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Physical activity a powerful antidote for heart failure

Traditionally, heart failure patients have been treated with a combination of medications and procedures, but as Becky Gary found in a 2011 study funded by the Emory Heart and Vascular Center, physical activity also can be a powerful antidote. Gary, an associate professor in the School of Nursing, and colleagues followed 24 heart failure patients at Emory Healthcare through a home-based exercise program that included aerobic and resistance training. While previous studies have evaluated heart failure patients through endurance testing on a treadmill, their trial is one of the first to use a physical function test to measure upper and lower body strength, flexibility, balance, and coordination. These often are strong indicators of a patient's ability to function in everyday settings.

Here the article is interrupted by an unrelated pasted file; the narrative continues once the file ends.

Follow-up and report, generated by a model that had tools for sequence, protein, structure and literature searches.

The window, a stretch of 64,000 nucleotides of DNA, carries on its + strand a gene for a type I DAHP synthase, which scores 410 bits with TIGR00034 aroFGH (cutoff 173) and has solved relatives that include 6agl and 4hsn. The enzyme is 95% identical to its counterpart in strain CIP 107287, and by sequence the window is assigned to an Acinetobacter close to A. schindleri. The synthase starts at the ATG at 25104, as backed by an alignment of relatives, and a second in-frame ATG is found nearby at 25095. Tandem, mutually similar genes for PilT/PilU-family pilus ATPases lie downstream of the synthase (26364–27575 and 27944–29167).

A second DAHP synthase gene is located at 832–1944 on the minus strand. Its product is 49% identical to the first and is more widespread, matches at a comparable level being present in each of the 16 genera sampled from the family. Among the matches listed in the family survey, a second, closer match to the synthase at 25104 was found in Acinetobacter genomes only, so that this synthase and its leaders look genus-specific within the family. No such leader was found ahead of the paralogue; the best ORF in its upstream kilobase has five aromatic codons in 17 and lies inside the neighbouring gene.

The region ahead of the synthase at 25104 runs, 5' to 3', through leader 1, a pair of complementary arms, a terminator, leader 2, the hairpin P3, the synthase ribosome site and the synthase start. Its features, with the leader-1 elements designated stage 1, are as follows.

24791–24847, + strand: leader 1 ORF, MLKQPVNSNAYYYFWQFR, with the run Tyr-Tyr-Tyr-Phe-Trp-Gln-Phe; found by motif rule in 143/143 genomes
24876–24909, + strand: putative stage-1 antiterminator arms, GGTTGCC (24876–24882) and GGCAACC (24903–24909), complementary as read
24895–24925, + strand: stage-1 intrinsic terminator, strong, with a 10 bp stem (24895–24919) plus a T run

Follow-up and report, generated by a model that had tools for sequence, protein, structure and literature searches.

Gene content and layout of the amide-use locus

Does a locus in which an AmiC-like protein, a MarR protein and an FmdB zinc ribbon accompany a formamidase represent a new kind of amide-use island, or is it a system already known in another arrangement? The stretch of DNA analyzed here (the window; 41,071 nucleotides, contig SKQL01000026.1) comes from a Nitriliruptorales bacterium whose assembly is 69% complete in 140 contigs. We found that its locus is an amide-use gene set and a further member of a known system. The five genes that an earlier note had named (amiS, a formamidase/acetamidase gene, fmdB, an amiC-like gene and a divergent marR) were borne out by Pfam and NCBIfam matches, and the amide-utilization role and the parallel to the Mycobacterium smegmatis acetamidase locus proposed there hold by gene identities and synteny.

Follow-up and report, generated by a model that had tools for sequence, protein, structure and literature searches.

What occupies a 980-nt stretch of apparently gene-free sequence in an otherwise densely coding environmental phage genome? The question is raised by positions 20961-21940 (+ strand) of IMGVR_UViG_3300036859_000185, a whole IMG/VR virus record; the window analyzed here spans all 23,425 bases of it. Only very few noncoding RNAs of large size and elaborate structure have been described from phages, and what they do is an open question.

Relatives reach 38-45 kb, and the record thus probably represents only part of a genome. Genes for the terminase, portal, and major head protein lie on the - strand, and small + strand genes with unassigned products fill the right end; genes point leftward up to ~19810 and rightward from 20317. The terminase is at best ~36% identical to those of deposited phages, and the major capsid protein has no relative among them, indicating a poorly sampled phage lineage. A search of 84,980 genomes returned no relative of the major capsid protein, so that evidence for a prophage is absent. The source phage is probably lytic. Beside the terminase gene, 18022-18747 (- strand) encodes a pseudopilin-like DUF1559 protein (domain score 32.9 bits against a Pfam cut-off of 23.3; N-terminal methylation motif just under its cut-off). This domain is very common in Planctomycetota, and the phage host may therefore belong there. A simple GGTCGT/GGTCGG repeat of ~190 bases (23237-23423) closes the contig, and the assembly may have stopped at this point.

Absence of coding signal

After assessing their ability to do certain household tasks such as climbing stairs, unloading a clothes dryer, and reaching items on a shelf, Gary found that heart failure patients were dramatically underperforming in even the simplest tasks.

Full Story in Emory Nursing Magazine »

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